With advancements in machine learning, screenshots are quickly becoming a universal data format. It's now (relatively) easy to extract meaning (image-to-text), layout information (object recognition), text (optical character recognition, OCR), and other metadata (formatting, fonts, etc.).
Now, with diffusion-based models like Stable Diffusion and DALL-E, we have an encoder – text-to-image.
Screenshots-as-API solves a few problems:
- Easier to parse than highly complex layout formats. When I wrote about Rethinking the PDF, I didn't consider images an alternative. But image models are generic and don't need to understand the PDF encoding. Screenshots-as-API could mean significant changes for existing unstable APIs like web crawlers. Now that websites are primarily dynamic, it isn't easy to fully hydrate a website, parse the layout, and extract the same experience that an end-user would get (open-source crawlers like puppeteer from Google make this easier, but there are many edge cases). What if it was easier to parse a screenshot of the page?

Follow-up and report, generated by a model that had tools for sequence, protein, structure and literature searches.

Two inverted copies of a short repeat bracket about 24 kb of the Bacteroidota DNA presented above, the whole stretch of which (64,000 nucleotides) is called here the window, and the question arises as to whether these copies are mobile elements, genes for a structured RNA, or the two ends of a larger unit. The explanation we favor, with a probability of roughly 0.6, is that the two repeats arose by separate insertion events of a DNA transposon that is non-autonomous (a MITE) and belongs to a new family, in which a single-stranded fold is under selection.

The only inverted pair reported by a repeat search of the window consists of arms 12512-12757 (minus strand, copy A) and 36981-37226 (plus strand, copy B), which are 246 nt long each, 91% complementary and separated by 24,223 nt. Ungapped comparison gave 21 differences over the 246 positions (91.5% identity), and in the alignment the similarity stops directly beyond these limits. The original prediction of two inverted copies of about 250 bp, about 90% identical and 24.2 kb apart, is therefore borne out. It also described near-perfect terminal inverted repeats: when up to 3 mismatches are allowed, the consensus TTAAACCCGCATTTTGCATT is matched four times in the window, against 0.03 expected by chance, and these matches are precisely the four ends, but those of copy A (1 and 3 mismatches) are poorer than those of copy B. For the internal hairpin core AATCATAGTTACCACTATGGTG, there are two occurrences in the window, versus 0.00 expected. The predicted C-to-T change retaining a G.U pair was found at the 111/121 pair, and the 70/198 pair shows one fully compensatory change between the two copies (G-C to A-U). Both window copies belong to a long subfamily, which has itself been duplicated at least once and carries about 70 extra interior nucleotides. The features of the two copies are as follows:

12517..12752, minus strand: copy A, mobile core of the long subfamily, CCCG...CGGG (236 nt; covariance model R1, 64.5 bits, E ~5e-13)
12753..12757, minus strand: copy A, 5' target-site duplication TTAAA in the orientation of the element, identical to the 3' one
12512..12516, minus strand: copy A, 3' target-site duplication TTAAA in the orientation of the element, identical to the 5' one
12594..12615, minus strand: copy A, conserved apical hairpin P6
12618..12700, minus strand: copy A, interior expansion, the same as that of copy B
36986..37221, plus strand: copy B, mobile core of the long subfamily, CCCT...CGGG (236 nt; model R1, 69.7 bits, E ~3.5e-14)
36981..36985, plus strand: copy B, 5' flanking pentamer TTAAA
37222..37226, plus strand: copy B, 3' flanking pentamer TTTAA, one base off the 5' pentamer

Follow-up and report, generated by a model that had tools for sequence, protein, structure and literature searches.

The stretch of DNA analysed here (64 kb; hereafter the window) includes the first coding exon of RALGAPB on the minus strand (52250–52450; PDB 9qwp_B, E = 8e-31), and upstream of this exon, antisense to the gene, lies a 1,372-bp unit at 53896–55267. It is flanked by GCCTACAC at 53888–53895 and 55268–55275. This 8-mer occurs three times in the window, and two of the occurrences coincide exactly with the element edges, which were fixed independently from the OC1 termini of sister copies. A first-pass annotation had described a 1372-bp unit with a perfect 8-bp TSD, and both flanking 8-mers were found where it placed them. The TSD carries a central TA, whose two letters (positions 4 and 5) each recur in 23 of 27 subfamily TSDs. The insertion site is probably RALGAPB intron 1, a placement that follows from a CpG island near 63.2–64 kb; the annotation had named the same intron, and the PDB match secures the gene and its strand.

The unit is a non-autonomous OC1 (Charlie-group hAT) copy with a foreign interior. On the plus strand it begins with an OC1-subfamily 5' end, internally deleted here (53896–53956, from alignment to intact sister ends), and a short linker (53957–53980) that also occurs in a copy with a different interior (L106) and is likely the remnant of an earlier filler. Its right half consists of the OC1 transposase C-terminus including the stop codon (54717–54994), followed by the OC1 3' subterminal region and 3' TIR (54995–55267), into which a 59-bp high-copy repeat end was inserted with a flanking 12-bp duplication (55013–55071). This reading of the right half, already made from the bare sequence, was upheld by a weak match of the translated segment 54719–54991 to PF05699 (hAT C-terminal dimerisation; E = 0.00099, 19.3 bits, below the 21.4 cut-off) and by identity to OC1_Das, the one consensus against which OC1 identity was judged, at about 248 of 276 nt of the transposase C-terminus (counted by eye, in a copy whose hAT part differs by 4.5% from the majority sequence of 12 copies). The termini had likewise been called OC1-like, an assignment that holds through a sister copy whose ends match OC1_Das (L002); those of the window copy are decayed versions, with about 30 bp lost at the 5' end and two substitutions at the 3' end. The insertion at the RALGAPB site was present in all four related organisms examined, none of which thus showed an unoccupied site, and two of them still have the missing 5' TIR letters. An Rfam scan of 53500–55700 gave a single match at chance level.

- Universally available, easily copyable. While images aren't the most efficient encoding method for text, they can be the simplest for humans. Excel has had a screenshot-to-table feature for some time because some tables are notoriously tricky to copy (how do you solve that generically at the text level?). You can copy objects from photos in the latest iOS 16 update.
- Permissionless. Many applications won't allow you to export data. However, screenshots are always available (similar to the era of web crawling).
- More complex metadata. Look how effective image search is on mobile – you can search for people, places, things, and more. Some of this comes from the actual image metadata, but other is inferred with on-device models. Automatically encoding this data in traditional formats like PDF takes much longer.
An image is worth a thousand words.